Op-Ed

Guns don’t belong in college students’ hands

ASSOCIATED PRESS

Almost three out of four Floridians, according to a recent poll, don’t want guns on our state college and university campuses. Virtually all of state college and university presidents don’t want them there. Same goes for the vast majority of faculty members and student government associations. Police chiefs and sheriffs associations don’t want them on campus either.

Who does? The Republican majority in the state Legislature, along with a handful of Second Amendment-loving Democrats. These gun-rights zealots have made the right to keep and bear arms on campus — and even carry them openly — their cause celebre. They are OCD about it. The public isn’t crying out for guns on campus, but lawmakers are. It seems counter-intuitive in the wake of the latest college massacre in Oregon (and subsequent college shoot-outs), but gun-rights supporters insist that gun-free campuses invite mass shootings and that having guns handy will make campuses safer.

But that flies in the face of empirical data and common sense. The answer to the growing tsunami of gun violence is not more guns. Allowing them on state college and university campuses is sheer madness. Any lawmaker who doesn’t think so should think back to his or her student days when most of us experimented with drugs, drank too much, argued loudly into the night, stressed out before exams, pulled all-nighters and sank into fits of depression when love affairs ended. Do you really want to add guns to that picture?

Congressman Ted Deutch, a Democrat from Boca Raton and former state lawmaker, just wrote a persuasive letter opposing the open-carry bill to its House and Senate sponsors, Sen. Don Gaetz and his son, Rep. Matt Gaetz. “Research suggests that guns are rarely employed by private citizens for self-defense purposes,” Deutch wrote, “and are usually far likelier to be used to harm one’s self or others.” FBI statistics back him up. There were 259 instances of self-defense related homicides across the country in 2012, while criminal homicides accounted for 8,342 deaths.

Unfortunately, it looks like no amount of research will change the minds of the Gaetzes or their like-minded colleagues in Tallahassee. They are hellbent on protecting us with guns whether we like it or not. Among those who don’t are George Hanbury, president of Nova Southeastern University, who says he wants only sworn police officers on his several campuses. Eduardo Padron at Miami Dade College feels the same way. FIU doesn’t want kids coming to class strapped. Nor does John Thrasher, president of FSU and a former state Senate president and GOP conservative. Last year, Thrasher stemmed the tide that tried to pass a campus-carry bill, but looks outmanned in the session beginning in January.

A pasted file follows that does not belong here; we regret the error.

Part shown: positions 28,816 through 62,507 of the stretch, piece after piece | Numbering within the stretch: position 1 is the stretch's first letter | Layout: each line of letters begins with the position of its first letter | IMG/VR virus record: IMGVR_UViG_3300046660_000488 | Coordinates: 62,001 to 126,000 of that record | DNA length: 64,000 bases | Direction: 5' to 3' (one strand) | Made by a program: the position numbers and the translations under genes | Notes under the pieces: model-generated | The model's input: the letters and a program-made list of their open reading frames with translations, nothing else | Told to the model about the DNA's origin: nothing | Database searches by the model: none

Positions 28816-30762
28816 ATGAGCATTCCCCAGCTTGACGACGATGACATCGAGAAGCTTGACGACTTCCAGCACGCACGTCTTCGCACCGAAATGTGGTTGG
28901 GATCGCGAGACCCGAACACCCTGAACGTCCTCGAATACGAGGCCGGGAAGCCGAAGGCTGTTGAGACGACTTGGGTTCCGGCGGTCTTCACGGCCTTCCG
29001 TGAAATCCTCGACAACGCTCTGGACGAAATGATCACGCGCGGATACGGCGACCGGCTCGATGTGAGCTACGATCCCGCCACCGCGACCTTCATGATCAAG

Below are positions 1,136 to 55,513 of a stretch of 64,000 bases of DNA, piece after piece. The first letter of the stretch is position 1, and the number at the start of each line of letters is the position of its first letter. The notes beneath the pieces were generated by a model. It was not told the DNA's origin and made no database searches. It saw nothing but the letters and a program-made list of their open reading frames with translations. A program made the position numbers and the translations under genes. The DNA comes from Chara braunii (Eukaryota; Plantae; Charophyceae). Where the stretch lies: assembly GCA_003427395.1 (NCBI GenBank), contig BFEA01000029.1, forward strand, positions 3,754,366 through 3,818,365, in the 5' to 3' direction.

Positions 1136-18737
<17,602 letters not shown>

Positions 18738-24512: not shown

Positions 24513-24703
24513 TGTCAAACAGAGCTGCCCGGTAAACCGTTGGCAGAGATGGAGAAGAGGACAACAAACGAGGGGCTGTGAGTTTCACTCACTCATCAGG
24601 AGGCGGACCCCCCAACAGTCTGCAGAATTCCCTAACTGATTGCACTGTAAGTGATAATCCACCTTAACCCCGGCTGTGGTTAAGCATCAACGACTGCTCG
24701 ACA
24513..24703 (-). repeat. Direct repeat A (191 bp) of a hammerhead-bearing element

Legislative committees have already approved two gun-related bills. One would make it a misdemeanor to shoot a gun in a dense, urban setting if it was done as “recreation or celebration.” I wonder how the family of Rickia Isaac feels about that. She was the 5-year-old from Liberty City who was shot and killed in 1997 by a bullet fired into the air in celebration of MLK Day. Could anyone honestly say her death should be no more than a misdemeanor?

The other bill passed out of committee recently is the open-carry bill. Should it pass, which seems likely, it’s possible students or anyone else with a concealed-weapons permit could walk openly around our college and university campuses with a loaded gun on his or her hip. Would anyone really feel safer? Scholars at Stanford who looked at 20 years of data on gun laws and violent crime concluded that “right-to-carry (RTC) laws are associated with higher rates of murder, aggravated assault, robbery and burglary.”

The best argument against guns on campus is that they’re simply incompatible with the mission of higher education. Campuses must be places where learning in all its guises is paramount and takes place without the threat of gun violence. Yes, crimes occur on campus, and police must be close by to handle it. Police responded almost instantly when a deranged man opened fire in the FSU library last November, wounding three students. The gunman was shot dead by police. It’s doubtful they could they have acted so quickly had they arrived at the crime scene and found several people brandishing weapons.

If you believe as I do that guns should not be allowed on state college and university campuses I’d urge you to contact your state representative and senator. You might tell him or her that no constitutional rights, including those guaranteed by the Second Amendment, are absolute.

We all have a right to free speech, but can’t cry “fire” in a crowded theater. Someone who passes a background check has the right to own a gun, but shouldn’t keep or carry it on campus. That’s been the law in Florida for years and shouldn’t be changed. As Justice Robert Jackson once said, “The Constitution is not a suicide pact.”

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